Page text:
4. ^ a b Callinicos 1989, pp. 113–171.
  5. ^ Wilczynski, Jozef, ed. (1981). "Bourgeois Revolution". An Encyclopedic Dictionary of Marxism, Socialism and Communism. London: Macmillan Press. p. 48. doi:10.1007/978-1-349-05806-8. ISBN 978-1-349-05806-8.
  6. ^ a b c d e f g h Davidson, Neil (May 2012). "Bourgeois Revolution and the US Civil War". International Socialist Review. No. 83. Center For Economic Research and Social Change.
  7. ^ Post, Charles (2019). "How Capitalist Were the 'Bourgeois Revolutions'?". Historical Materialism. Brill. 27 (3): 157–190.
  8. ^ Plekhanov, Georgi (1949) [1895]. The Bourgeois Revolution: The Political Birth of Capitalism – via Marxists Internet Archive.
  9. ^ a b "Stagism". Encyclopedia of Marxism. Retrieved 6 November 2018 – via Marxists Internet Archive.
  10. ^ Lane, David (22 April 2020). "Revisiting Lenin's theory of socialist revolution on the 150th anniversary of his birth". European Politics and Policy. London School of Economics.
  11. ^ Blackbourn, David. Economy and Society: A Silent Bourgeois Revolution. pp. 176–205. in Blackbourn & Eley (1984)
  12. ^ a b Hallas 1988, pp. 17–20.
  13. ^ Klíma 1986, pp. 93–94.
  14. ^ Blackbourn, David. Economy and Society: The shadow side. pp. 206–237. in Blackbourn & Eley (1984)
  15. ^ Davidson, Neil (2012). "Marx and Engels (2) 1847–52". How Revolutionary Were the Bourgeois Revolutions?. Chicago, Illinois: Haymarket Books. p. 144. ISBN 978-1-60846-067-0. In a world where most states have not yet experienced bourgeois revolutions, where most are even more economically underdeveloped than Germany, they too will give rise to "belated" bourgeoisies, the implication being that it is Germany rather than France that represents the likely pattern of bourgeois development.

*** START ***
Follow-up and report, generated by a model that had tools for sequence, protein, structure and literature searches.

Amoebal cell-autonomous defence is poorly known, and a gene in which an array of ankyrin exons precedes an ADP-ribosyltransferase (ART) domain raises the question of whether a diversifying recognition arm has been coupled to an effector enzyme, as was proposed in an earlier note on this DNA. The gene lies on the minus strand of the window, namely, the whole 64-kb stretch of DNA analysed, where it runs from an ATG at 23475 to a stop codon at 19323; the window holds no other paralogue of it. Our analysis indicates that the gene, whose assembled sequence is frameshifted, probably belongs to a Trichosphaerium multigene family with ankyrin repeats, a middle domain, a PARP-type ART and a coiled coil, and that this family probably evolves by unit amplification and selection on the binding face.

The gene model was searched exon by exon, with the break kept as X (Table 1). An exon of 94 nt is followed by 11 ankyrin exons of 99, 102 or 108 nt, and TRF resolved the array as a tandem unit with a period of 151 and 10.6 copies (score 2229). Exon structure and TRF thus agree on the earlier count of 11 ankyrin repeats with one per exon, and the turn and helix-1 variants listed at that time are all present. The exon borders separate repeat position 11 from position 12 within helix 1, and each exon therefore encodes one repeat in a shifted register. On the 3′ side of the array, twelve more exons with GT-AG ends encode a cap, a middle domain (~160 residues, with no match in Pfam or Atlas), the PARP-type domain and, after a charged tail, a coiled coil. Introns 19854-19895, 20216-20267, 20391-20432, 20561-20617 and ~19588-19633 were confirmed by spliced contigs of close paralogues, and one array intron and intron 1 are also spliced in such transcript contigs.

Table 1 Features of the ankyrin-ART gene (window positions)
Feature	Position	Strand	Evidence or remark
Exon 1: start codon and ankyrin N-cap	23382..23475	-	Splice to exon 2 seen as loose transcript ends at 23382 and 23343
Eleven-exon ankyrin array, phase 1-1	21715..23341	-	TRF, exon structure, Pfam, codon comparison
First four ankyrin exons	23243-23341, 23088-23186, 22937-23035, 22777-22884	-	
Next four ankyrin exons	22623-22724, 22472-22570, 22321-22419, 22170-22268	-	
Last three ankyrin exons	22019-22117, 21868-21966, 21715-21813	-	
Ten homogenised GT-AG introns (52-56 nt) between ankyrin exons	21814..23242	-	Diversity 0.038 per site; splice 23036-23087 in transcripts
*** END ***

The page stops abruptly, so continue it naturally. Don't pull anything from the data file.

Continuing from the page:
16. ^ Marx & Engels 1956, 8, p. 197.
  17. ^ Marx & Engels 1956, 16, p. 157.
  18. ^ Marx & Engels 1956, 37, p. 463.
  19. ^ Marx & Engels 1956, 8, p. 196.
  20. ^ Marx & Engels 1956, 22, pp. 235–236.
  21. ^ Elsenhans, Hartmut (2012). "Democratic revolution, bourgeois revolution, Arab revolution: The political economy of a possible success". NAQD. 29 (1): 51–60.
  22. ^ Marx & Engels 1956, 17, p. 337.
  23. ^ Marx & Engels 1956, 17, p. 592.
  24. ^ Heller 2006, Introduction pp. 2–4.
  25. ^ Marx & Engels 1956, 23, pp. 741–761.
  26. ^ Marx & Engels 1956, 17 p. 592.
  27. ^ Mollat, Michel [in French]; Wolff, Philippe [in French] (1970). Ongles bleus, jacques et ciompi - les révolutions populaires en Europe aux XIVe et XVe siècles [Ongles bleus, Jacquerie and Ciompi - popular revolutions in Europe in the 14th and 15th centuries] (in French). Calmann-Lévy.
  28. ^ Pastor de Togneri, Reyna [in Spanish] (1973). Conflictos sociales y estancamiento económico en la España medieval [Social conflicts and economic stagnation in medieval Spain] (in Spanish). Editorial Ariel.
  29. ^ Martín, José Luis. Historia de España [History of Spain (A society at war)]. Historia 16 (in Spanish). Vol. 4 - Una sociedad en guerra.
  30. ^ Bak, Janos (2022) [1976]. "'The Peasant War in Germany' by Friedrich Engels – 125 years later". In Bak, Janos (ed.). The German Peasant War of 1525. Routledge. pp. 93–99. doi:10.4324/9781003190950. ISBN 978-1-00-319095-0.
  31. ^ Heller (2006), Preface p. ix; Callinicos (1989), pp. 113–171; Sewell (1994), Introduction pp. 22–23
  32. ^ Modern World History Writing Group 1973a, p. 172.
  33. ^ Modern World History Writing Group 1973a, p. 233.
  34. ^ a b Klíma 1986, pp. 74–75.
  35. ^ Modern World History Writing Group (1973a), p. 255; Callinicos (1989), pp. 113–171; Hallas (1988), pp. 17–20; Klíma (1986), pp. 74–75
  36. ^ a b Modern World History Writing Group 1973a.
  37. ^ Klíma 1986, p. 77.
  38. ^ Modern World History Writing Group 1973b, p. 150.
  39. ^ Modern World History Writing Group 1973b, p. 130.
  40. ^ Modern World History Writing Group 1973b, p. 152.
  41. ^ Modern World History Writing Group 1973b, p. 160.
  42. ^ Zhang, Yuchun; Ma, Zhenwen (1976). 简明中国近代史 [A Concise Modern History of China] (in Chinese). Liaoning People's Publishing House. p. 301.
  43. ^ Modern World History Writing Group 1973b, p. 224.